First, in relation to role identity, the EU’s clear normative power role conceptualisation – that is, an international power which attempts to promote its core normative values: democracy, human rights, rule of law and market economy principles – inhibited its ability to pursue a more geopolitically aware policy. The EU’s lack of malleability regarding its normative demands, despite pleas from key Ukrainian officials, was arguably exploited by Russia which utilised an array of short-term zero-sum coercions (threat of gas price hikes) and incentives (cheaper gas rates and US$15 billion loan) that initially succeeded in assuaging Yanukovych into realigning towards Russia. Even after Yanukovych fled from power, which provoked Russia into more aggressive action, including the annexation of Crimea and the covert destabilisation of Eastern Ukraine, the EU has maintained its strict normative demands for Ukraine.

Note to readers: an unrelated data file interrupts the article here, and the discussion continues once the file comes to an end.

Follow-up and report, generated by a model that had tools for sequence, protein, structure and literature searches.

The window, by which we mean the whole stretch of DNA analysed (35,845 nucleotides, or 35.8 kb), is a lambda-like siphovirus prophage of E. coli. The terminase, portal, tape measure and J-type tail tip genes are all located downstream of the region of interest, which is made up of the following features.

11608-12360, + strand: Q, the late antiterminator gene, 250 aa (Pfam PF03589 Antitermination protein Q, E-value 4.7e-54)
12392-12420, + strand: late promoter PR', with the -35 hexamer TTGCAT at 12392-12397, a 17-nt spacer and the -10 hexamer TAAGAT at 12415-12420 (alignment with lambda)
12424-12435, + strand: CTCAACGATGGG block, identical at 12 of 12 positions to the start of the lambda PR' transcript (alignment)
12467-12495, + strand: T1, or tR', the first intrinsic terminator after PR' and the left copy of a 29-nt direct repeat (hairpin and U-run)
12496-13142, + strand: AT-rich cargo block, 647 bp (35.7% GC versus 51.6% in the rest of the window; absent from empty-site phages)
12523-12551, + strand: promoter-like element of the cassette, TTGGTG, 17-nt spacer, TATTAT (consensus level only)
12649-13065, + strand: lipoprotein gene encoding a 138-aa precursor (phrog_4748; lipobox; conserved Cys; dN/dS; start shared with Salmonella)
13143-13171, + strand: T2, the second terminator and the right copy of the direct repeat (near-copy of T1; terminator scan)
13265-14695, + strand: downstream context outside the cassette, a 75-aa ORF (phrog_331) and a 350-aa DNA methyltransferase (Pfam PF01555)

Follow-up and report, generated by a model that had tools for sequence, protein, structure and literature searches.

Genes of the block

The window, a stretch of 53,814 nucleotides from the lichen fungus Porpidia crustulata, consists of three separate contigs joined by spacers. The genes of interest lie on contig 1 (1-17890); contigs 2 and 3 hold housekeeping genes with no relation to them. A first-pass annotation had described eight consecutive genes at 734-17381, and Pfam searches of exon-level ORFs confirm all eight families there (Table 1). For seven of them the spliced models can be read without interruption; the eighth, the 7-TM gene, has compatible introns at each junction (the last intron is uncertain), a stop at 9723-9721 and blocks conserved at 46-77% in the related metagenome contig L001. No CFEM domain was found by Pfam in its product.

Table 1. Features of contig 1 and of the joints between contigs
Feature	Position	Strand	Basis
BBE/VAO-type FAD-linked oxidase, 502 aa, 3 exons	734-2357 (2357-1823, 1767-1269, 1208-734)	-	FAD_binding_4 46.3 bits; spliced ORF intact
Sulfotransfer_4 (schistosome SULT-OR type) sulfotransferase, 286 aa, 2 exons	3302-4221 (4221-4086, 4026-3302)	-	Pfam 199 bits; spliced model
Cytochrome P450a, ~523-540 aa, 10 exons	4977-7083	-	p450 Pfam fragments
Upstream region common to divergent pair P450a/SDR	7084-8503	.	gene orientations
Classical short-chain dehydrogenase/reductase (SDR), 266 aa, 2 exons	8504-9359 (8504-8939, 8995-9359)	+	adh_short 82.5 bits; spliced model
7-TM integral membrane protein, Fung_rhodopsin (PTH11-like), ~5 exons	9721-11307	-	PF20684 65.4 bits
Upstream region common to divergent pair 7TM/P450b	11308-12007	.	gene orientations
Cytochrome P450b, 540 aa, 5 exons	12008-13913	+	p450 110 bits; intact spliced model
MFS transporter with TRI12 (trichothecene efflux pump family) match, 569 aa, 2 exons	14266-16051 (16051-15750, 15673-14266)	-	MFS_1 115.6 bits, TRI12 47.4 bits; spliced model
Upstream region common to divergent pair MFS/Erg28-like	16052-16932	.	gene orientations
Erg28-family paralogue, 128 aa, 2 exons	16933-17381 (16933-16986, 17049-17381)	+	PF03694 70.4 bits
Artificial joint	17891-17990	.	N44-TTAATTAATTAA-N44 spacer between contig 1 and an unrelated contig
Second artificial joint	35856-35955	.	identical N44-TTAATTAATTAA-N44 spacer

Second, regarding decision-makers’ perceptions, while the EU rightfully had a self-perception as the dominant economic power in the European regional setting, its perceptions of both Ukraine and Russia were flawed. In the case of Ukraine, the EU clearly underestimated the initial prospect of Viktor Yanukovych rebuffing the Association Agreement offer in favour of rebalancing towards Moscow, despite his penchant for flip-flopping between the two. Regarding Russia, the EU did not perceive Russia initial threats towards Ukraine as credible. Furthermore, in the aftermath of Crimean annexation and the ongoing conflict in Eastern Ukraine, the EU’s retaliatory sanctions against Russia did not hurt Putin’s regime as hoped, showing a further misperception of Putin’s grip on power. Therefore, the EU’s miscalculation of both Ukraine and Russia’s response to its Association Agreement policy resulted in a foreign policy decision which lacked any contingency plan for a worst-case scenario.